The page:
Unlike the other two exchanges between DysTech and the agency, this exchange appears to have constituted discussions. The exchange allowed DysTech to revise its proposal by submitting the required backup data that the agency believed was necessary to confirm DysTech's price. Nonetheless, >because the discussions related to backup data for a fixed-price labor rate, as opposed to the rates themselves or any other deficiency, we do not believe that, on this record, IPlus was prejudiced by the agency's actions. Even where an agency conducts discussions with an offeror that are required to make that awardee's proposal acceptable, we will not sustain a protest unless the agency's actions were prejudicial to the protester. USATREX Int'l, Inc., B-275592, B-275592.2, Mar. 6, 1997, 98-1 CPD para. 99. Here, DysTech did not change any of its labor rates, nor did its proposed fixed price change as the result of this submission of data. While the backup data submitted by DysTech may have been required by the solicitation, there is no basis in the record to believe that this information had any material impact on the evaluation of DysTech's proposal or its selection for award. In this regard, the agency evaluated DysTech's technical proposal, and, as noted above, calculated DysTech's proposed price prior to these exchanges. In sum, we find no basis on this record to sustain the protest based on any of the exchanges between the agency and DysTech regarding price.

CORPORATE EXPERIENCE AND PAST PERFORMANCE

The protester contends that the agency unreasonably evaluated the offerors' corporate experience and past performance records. Both offerors' proposals were evaluated as –acceptable— under these evaluation factors. AR, Tab 17, SSD, at 1-2. Our Office examines an agency's evaluation of offerors' experience and past performance records to ensure that it was reasonable and consistent with the stated evaluation criteria and applicable statutes and regulations; however, the necessary determinations regarding the relative merits of offerors' past performance records are primarily matters within the contracting agency's discretion. Prudent Techs., Inc., B-297425, Jan. 5, 2006, 2006 CPD para. 16 at 4. In this regard, our Office will not question an agency's determinations absent evidence that those determinations are unreasonable or contrary to the stated evaluation criteria. Id.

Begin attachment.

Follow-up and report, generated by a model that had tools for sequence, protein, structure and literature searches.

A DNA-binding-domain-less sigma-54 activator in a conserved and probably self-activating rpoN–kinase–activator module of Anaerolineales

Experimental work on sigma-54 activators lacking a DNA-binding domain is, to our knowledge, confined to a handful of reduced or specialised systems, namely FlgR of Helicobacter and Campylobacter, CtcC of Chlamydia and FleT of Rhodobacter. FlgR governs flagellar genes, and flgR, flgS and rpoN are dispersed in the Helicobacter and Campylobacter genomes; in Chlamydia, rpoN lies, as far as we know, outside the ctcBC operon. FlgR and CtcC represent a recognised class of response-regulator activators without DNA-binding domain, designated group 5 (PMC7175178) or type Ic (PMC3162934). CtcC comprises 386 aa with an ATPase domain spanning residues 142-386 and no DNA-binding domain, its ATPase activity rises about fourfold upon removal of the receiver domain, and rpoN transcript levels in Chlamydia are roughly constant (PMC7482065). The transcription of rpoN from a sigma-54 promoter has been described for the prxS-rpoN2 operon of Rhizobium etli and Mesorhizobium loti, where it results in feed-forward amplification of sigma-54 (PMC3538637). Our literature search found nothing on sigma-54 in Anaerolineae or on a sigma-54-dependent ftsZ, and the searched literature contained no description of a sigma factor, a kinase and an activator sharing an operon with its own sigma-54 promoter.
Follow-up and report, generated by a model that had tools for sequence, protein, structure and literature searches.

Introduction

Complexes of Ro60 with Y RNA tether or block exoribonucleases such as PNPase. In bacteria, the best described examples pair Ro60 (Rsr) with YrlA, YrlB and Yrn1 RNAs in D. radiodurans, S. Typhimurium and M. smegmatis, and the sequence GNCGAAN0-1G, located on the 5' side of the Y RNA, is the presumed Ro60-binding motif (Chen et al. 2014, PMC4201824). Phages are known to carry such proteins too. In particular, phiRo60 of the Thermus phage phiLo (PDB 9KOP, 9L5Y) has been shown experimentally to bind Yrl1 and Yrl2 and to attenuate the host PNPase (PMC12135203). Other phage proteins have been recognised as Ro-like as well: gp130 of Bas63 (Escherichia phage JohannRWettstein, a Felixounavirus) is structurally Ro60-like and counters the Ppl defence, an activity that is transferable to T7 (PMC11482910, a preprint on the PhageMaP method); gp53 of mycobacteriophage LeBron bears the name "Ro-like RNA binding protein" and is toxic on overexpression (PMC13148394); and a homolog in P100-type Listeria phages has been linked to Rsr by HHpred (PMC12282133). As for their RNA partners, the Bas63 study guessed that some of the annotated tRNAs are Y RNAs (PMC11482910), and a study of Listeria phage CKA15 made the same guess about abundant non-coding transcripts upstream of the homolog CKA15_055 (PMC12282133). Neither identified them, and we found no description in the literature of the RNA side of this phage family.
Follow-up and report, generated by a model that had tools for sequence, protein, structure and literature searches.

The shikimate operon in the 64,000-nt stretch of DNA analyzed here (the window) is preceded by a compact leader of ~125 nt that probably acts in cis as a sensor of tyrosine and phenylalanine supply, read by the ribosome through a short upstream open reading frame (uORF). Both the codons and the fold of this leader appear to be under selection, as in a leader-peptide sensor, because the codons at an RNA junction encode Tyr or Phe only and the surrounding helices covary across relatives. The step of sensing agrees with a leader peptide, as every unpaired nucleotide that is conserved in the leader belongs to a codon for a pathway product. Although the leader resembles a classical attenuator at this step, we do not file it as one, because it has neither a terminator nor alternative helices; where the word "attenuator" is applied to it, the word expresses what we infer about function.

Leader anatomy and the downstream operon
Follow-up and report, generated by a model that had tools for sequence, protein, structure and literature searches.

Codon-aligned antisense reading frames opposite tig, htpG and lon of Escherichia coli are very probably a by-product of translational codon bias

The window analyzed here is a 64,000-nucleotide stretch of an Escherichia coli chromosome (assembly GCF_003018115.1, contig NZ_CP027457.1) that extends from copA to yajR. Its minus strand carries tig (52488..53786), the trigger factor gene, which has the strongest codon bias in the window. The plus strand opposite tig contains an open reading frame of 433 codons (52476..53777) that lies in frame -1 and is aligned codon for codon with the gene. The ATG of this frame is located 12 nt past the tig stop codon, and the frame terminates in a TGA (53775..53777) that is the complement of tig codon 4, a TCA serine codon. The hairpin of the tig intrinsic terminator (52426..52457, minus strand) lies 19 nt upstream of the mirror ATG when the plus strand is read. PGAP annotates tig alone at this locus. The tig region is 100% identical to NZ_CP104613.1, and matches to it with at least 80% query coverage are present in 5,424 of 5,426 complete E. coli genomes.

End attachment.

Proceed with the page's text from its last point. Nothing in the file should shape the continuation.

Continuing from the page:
For the corporate experience factor, offerors were required to –demonstrate either similar or directly related work experience of similar size, scope, magnitude and complexity to the statement of work (SOW)— by addressing –history, organization, qualifications and work experience within the last 5 years as they related to the requirements of the SOW, and any other information the offeror considers relevant to the SOW.— RFP at 92. For past performance, offerors were required to describe performance –on similar contracts it has held within the last five (5) years which are of similar scope, magnitude and complexity to that which is detailed in the RFP.— Id.

IPlus's Corporate Experience and Past Performance

In its proposal, IPlus did not identify any corporate experience or past performance for itself; rather, it relied upon the experience and past performance records of its subcontractors, Manufacturing Engineering Systems, Inc. (MES) and NonPublic Educational Services, Inc. (NESI). AR, Tab 9, IPlus Proposal Vol. I, at 28-29. IPlus contends that the agency's evaluation failed to give it adequate credit for the information submitted regarding its subcontractors. In particular, IPlus argues that the agency should have given it a higher evaluation rating because one of the subcontractors, MES, was IPlus's mentor under the SBA mentor-prot-g- program for 8(a) contractors.